GraphQL users benefit from the amazing tooling in the ecosystem to write and execute queries and we want to provide a similarly great experience for the Neo4j GraphQL Library.
Back in July last year, we released a beta version of a developer user interface to build a powerful GraphQL API using the @neo4j/graphql library, which we named the Neo4j GraphQL Toolbox.
We also made it publicly available under https://graphql-toolbox.neo4j.io. I wrote an article back when we released the beta version, which offers an introduction to the web application Neo4j GraphQL Toolbox. A very brief intro is further available on our documentation page.
This year we come with good news again! We’ve just finished a large overhaul of the entire Neo4j GraphQL Toolbox and wanted to share this with you.
The Neo4j GraphQL Toolbox is open-source and your go-to tool to quickly get started and experiment with an autogenerated GraphQL API, powered by the @neo4j/graphql library, for your Neo4j database.
There’s no need to write any resolvers or lengthy boilerplate code for GraphQL queries and mutations. All you need is your GraphQL type definitions and the web application Neo4j GraphQL Toolbox connected to your Neo4j AuraDB instance. What are you waiting for?
What Have You Added Recently, Then?
As it has been pretty much a year since we first released the Neo4j GraphQL Toolbox, it was time for it to get a fresh and updated look. The styling guides and principles of Neo4j have been improved a lot in the meantime. Back in July last year, Needle, Neo4j’s very own design system, was just mature enough to be used in the Neo4j GraphQL Toolbox but has made large leaps in the meantime. So have many other Neo4j front-end products like Workspace, Ops Manager, Bloom, Browser/Query, and Data Importer. The Neo4j GraphQL Toolbox now had its time to get an overhaul, be polished, and shine again.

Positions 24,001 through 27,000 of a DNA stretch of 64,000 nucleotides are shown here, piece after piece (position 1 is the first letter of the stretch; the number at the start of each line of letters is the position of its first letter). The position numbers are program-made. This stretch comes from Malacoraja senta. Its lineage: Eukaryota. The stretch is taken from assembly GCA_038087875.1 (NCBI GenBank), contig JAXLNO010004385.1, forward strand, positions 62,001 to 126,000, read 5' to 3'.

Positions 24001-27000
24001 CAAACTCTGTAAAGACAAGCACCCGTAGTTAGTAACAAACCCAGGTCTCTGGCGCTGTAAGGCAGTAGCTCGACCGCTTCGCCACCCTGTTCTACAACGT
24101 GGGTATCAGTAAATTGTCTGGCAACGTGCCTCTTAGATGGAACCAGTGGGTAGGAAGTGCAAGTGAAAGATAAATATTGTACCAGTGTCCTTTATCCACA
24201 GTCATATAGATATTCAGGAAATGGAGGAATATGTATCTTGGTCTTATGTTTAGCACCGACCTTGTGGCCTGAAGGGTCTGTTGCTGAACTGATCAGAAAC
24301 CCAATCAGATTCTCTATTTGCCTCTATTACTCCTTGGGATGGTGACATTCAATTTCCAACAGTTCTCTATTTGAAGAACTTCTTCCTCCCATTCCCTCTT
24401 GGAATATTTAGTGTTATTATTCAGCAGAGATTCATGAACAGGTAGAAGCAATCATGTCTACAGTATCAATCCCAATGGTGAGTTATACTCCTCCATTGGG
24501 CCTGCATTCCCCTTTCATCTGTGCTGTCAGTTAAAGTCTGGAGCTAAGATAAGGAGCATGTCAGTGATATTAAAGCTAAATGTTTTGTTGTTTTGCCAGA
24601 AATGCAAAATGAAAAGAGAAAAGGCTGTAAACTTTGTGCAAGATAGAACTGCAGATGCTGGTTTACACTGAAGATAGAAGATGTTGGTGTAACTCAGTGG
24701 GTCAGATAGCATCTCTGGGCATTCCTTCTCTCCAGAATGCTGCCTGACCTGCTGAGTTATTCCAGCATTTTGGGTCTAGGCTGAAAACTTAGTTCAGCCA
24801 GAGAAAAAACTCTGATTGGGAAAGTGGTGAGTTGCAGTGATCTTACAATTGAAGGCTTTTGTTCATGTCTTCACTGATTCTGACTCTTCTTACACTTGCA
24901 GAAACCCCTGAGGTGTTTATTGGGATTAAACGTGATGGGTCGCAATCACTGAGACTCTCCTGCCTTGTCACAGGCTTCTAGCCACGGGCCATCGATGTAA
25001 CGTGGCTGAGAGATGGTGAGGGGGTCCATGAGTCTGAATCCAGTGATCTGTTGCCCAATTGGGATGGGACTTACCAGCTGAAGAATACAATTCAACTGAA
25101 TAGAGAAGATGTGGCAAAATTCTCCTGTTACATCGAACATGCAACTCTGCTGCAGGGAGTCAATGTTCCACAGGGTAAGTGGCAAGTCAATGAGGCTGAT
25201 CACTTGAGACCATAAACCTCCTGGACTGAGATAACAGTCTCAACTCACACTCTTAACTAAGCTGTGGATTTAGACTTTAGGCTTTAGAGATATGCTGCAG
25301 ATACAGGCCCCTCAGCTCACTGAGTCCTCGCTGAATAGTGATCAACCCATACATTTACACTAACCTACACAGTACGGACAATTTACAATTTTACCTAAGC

But we didn’t only focus on the shiny surface, no; we also improved the inner workings. We have, for instance, replaced the bare-bone custom storage implementation with a robust and proven storage solution based on Zustand.
The other bigger refactor we embarked on was to replace our implementation of the various editors in use. We have four editors in the Neo4j GraphQL Toolbox: an editor for the type definitions, and three editors on the query page for the GraphQL query/mutation, the variables, and the response, respectively.
These editors are all based on CodeMirror and, with the recent changes, have been bumped to the latest version 6. All the features from version 5 are still available today, including auto-completion. A few new features have been added, like being able to collapse blocks of code or highlighting all occurrences of a word by double-clicking/selecting that word.
On the query editor page, we made two more enhancements: One of which was to fix the resizing of the three editors, query editor, variables editor, and response editor. You’re now able to fully collapse the editors you don’t want to see or re-size them to suit your needs.
The second enhancement was to add tabs on the query page. This allows you to have many queries and/or mutations available in parallel, including their variables stored and always ready to (re-)execute. We also store the latest response to each of the tabs, making it a breeze to access it at any time. Isn’t that handy?
Finally, I wanted to highlight the upgrade to the favorites feature on the type definitions page. With this updated version, you are now able to order your favorites and download one or several of the favorites as a text file. As before, you’re still able to rename your favorites or delete them.
That’s all the updates I have for now. I hope you enjoy (or did already enjoy!) using the Neo4j GraphQL Toolbox to work and experiment with your Neo4j database using a GraphQL API autogenerated for you with the @neo4j/graphql library. You can get started today with your free instance (for life!) of Neo4j AuraDB.
Please reach out to us if you see any improvements which can be made, potential features we’re lacking, or if you detect things that aren’t working as they’re intended to. We really appreciate your feedback!
Thomas and the Neo4j GraphQL Team!